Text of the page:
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Jewish Geography

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Nov 22, 2017

In this episode of the Jewish Geography Podcast I discuss the root meaning of the word, "Jew," and the connection it has to thankfulness. Then we study the opening lines of Moshe Chaim Luzzato's famous work of Jewish ethics, 'Mesillat Yesharim' (The Straight Path, or Path of the Just), and discuss how keeping our own highest ideals in site can have very important and very practical consequences, and we relate this to the ongoing revelations of sexual offences by various powerful men in the US.

The following is text from the introduction to "Mesillat Yesharim,' from, which I go over in this episode. You can see the entire text HERE.

"1. The writer says: I have composed this work not to teach people what they do not know but to remind them of what they already know and which is very familiar to them. For you will find in most of my words only things which most people already know and do not have any doubt about.

2. But according to their familiarity and to the extent that their truth is evident to all, so too is their neglect very prevalent and forgetfulness of them very great. Therefore, the benefit to be gleaned from this book is not from a single reading, for it is possible that the reader will learn little that he did not already know. Rather the benefit derived [from this book] comes from review and diligent study. For [then] he will be reminded of these things which, by nature, people tend to forget and he will put to heart his duties which he hides from.
3. If you reflect on the current state of affairs in most of the world, you will see most people of quick intelligence and sharp mentality devote most of their thought and interest in the subtleties of wisdom and the depths of analysis; every man according to his intellectual tendency and natural desire.
4. There are those who toil greatly in studying the creation and nature. Others devote all their study to astronomy and mathematics, or to the arts. There are others which enter closer towards the sacred, namely, the study of the holy Torah. Among those, some occupy themselves with Halachic analyses, others with Midrash, others with law decisions.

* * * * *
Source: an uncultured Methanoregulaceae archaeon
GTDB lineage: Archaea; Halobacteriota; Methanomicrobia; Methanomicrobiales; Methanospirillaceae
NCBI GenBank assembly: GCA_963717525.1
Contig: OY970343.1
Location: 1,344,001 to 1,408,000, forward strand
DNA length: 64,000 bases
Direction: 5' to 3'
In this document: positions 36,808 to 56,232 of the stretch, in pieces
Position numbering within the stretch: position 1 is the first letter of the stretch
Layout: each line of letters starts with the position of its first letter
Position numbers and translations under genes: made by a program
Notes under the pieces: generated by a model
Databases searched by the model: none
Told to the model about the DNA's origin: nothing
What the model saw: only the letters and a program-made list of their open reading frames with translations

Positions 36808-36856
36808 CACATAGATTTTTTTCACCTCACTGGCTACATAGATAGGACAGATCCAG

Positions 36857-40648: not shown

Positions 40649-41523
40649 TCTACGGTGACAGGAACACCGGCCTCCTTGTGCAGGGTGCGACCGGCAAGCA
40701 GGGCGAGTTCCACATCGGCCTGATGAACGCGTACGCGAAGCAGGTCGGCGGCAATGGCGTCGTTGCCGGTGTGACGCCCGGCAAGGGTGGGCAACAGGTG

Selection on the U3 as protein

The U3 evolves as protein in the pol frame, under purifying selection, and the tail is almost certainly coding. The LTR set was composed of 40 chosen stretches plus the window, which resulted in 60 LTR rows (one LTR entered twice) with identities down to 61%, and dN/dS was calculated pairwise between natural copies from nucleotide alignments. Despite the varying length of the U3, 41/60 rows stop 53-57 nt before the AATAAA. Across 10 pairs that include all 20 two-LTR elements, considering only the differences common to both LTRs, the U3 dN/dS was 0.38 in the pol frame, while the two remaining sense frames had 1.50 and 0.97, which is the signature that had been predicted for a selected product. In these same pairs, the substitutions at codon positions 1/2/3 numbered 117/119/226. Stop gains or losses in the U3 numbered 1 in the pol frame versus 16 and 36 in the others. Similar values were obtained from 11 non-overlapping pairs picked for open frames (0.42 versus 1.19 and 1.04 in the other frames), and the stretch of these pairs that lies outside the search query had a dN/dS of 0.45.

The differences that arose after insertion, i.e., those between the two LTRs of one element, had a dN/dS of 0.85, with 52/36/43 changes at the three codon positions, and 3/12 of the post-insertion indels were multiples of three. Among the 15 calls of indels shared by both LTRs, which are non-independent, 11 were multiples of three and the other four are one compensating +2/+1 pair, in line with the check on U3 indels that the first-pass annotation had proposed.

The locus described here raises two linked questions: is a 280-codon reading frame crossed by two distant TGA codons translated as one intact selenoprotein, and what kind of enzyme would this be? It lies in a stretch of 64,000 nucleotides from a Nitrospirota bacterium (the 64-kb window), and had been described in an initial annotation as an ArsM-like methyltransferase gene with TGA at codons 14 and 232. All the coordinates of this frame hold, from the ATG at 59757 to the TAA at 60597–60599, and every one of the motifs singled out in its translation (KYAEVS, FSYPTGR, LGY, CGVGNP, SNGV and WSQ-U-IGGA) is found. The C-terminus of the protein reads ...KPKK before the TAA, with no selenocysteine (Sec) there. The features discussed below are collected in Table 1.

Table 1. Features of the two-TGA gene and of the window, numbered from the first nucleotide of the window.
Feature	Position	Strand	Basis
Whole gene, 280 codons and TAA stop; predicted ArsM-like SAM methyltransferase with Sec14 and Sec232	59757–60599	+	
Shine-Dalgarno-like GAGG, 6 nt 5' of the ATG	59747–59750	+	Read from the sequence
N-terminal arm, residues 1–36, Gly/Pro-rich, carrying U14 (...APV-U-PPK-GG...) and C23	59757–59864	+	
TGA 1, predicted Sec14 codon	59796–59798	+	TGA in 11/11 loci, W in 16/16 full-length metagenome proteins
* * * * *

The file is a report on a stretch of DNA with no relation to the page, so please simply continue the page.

5. But few are those which devote thought and study to the matter of perfection of [divine] service: on love, fear, clinging, and the other branches of piety. This is not because they do not consider these things as fundamental. For if you ask them, each one will answer you that this is of utmost importance and that it is unimaginable for one to be considered truly wise if he has not fully comprehended these matters.
6. Rather their lack of devoting more attention to it stems from its being so familiar and so evident to them that they see no need for spending much time on it.
7. [Consequently] this study and the reading of books of this sort is left to people of not so keen, almost dull intelligence.
8. These types of people you will find diligent in all this, not budging from it, until the situation has reached the point that if one sees a person engaging in piety, he cannot help but suspecting him of belonging to those of dull intelligence."

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The rendition of Israel’s national anthem, Hatikvah, which serves as the shows theme music was created by Andrés Rodríguez (“androz” on A tune titled, 'A New Beginning,' from was used as the transition from the first to the second section of the podcast.

Most importantly, many thanks to the Creator of the Universe, for bringing about all these wonders, without which, I would have nothing to talk about.